Tubes were spiked with 1.67 mg (25.2 ppm) butyl carbitol and 2.06 mg (24.7 ppm) butyl carbitol acetate, and stored at room temperature until opened and analyzed. The recoveries averaged 98.8% for butyl carbitol and 98.7% for butyl carbitol acetate over the 14 days stored. Recoveries are desorption corrected. (Table 2.5)

Table 2.5
Storage Study

Day % Recovered
Butyl carbitol Butyl carbitol acetate

7 96.8 101
7 98.4 97.5
7 98.3 101
14 102 97.4
14 99.6 97
14 97.7 98.2
average 98.8 98.7



2.6 Precision

The precision was calculated using the area counts from six injections of each standard at concentrations of 0.167, 0.834, 1.67, and 3.34 mg/mL butyl carbitol, and 0.206, 1.03, 2.06, and 4.12 mg/mL butyl carbitol acetate in the desorbing solution. The pooled coefficient of variation was 0.00392 for butyl carbitol and 0.00155 for butyl carbitol acetate. (Tables 2.6.1 and 2.6.2)

Table 2.61
Butyl Carbitol Precision Study

Injection
Number 0.167mg/mL 0.834mg/mL 1.67mg/mL 3.34mg/mL

1 68887 153640 326647 634611
2 68884 152347 326851 634061
3 69226 154281 323728 635744
4 69149 152240 327083 639198
5 68920 153501 324953 637233
6 69105 152466 326786 637233
Average 69029 153079 326008 636367
Standard Deviation 150 842 1356 1924
CV 0.00217 0.0055 0.00416 0.00302
Pooled CV 0.00392



Table 2.6.2
Butyl Carbitol Acetate Precision Study

Injection
Number 0.206mg/mL 1.03mg/mL 2.06mg/mL 4.12mg/mL

1 66260 258265 518901 1037664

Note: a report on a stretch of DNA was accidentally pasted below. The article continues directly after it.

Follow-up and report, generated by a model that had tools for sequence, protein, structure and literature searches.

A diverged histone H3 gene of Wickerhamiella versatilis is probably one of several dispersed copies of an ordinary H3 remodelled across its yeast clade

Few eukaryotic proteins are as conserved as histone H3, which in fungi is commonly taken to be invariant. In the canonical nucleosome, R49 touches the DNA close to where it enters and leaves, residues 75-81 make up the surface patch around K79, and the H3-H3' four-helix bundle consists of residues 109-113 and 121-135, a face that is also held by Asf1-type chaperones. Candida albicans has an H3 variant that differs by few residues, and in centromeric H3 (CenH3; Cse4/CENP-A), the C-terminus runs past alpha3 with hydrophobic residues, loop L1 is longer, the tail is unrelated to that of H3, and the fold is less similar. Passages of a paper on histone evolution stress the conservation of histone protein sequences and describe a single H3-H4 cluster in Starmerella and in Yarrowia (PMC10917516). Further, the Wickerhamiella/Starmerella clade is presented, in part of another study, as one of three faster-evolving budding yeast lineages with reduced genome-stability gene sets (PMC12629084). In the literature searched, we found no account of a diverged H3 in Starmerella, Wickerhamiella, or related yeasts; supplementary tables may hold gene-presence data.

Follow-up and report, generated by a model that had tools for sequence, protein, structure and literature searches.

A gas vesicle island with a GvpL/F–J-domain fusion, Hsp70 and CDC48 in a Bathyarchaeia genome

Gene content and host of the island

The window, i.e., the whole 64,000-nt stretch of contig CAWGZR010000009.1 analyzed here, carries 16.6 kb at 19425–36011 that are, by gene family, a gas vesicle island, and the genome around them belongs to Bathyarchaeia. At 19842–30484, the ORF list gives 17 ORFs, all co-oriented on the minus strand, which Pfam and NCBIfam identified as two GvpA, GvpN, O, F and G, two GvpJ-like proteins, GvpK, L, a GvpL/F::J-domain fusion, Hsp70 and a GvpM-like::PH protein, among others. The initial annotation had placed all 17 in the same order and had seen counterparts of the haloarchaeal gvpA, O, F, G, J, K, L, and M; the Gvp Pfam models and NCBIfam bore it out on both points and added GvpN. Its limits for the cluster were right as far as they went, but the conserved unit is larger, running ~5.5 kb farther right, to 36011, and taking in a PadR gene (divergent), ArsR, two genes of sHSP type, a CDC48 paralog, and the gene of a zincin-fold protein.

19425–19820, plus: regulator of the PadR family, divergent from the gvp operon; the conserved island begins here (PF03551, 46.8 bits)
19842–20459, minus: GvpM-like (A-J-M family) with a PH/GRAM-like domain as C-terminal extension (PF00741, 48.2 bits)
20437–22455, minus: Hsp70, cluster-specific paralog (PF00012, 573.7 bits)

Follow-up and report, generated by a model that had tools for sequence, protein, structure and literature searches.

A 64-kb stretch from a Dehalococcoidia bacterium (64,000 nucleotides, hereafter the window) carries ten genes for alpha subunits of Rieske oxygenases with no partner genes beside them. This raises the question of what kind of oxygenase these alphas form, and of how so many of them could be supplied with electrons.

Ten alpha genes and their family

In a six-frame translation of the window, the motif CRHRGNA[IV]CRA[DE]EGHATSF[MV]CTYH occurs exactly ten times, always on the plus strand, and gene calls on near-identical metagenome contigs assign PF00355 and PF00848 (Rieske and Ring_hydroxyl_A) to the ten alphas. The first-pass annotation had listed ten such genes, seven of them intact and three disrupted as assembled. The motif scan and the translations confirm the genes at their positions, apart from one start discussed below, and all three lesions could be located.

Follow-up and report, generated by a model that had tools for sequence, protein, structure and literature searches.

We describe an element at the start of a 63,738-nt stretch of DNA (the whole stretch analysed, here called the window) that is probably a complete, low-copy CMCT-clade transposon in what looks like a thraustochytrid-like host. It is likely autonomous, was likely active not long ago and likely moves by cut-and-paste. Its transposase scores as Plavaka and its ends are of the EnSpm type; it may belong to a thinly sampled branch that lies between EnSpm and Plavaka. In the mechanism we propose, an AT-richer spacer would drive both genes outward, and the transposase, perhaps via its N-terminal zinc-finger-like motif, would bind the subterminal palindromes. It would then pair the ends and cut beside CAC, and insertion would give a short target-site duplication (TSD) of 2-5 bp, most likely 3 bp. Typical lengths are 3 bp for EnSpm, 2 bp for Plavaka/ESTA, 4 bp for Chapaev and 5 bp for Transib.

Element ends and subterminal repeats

2 66352 258402 518456 1036916
3 66152 258504 517160 1038185
4 66521 257457 518661 1036115
5 66174 258713 517187 1039708
6 66527 257765 518581 1039627
Average 66331 258184 518158 1038036
Standard Deviation 165 478 776 1444
CV 0.00249 0.00185 0.00150 0.00139
Pooled CV 0.00155



where:
CV (Coefficient of Variable) =  standard deviation

average
Pooled CV =


A1(CV1)2 + A2(CV2)2 + A3(CV3)2 + A4(CV4)2

A1 + A2 + A3 + A4


A(1), A(2), A(3), A(4) = # of Injections at each level
CV1, CV2, CV3, CV4 = Coefficients at each level

2.7 Air volume and sampling rate studied
2.7.1 The air volume studied is 10 liters.

2.7.2 The sampling rate studied is 0.2 liters per minute.
2.8 Interferences

Suspected interferences should be listed on sample data
sheets.

2.9 Safety precautions
2.9.1 Sampling equipment should be placed on an
employee in a manner that does not interfere with work performance or safety.

2.9.2 Safety glasses should be worn at all times.

2.9.3 Follow all safety practices that apply to the workplace being sampled.
3. Analytical method
3.1 Apparatus
3.1.1 Gas chromatograph equipped with a flame ionization detector. A Hewlett Packard 5890 gas chromatograph was used in this study.

3.1.2 An electronic integrator or some other suitable method of measuring peak areas.

3.1.3 GC column capable of separating the analyte and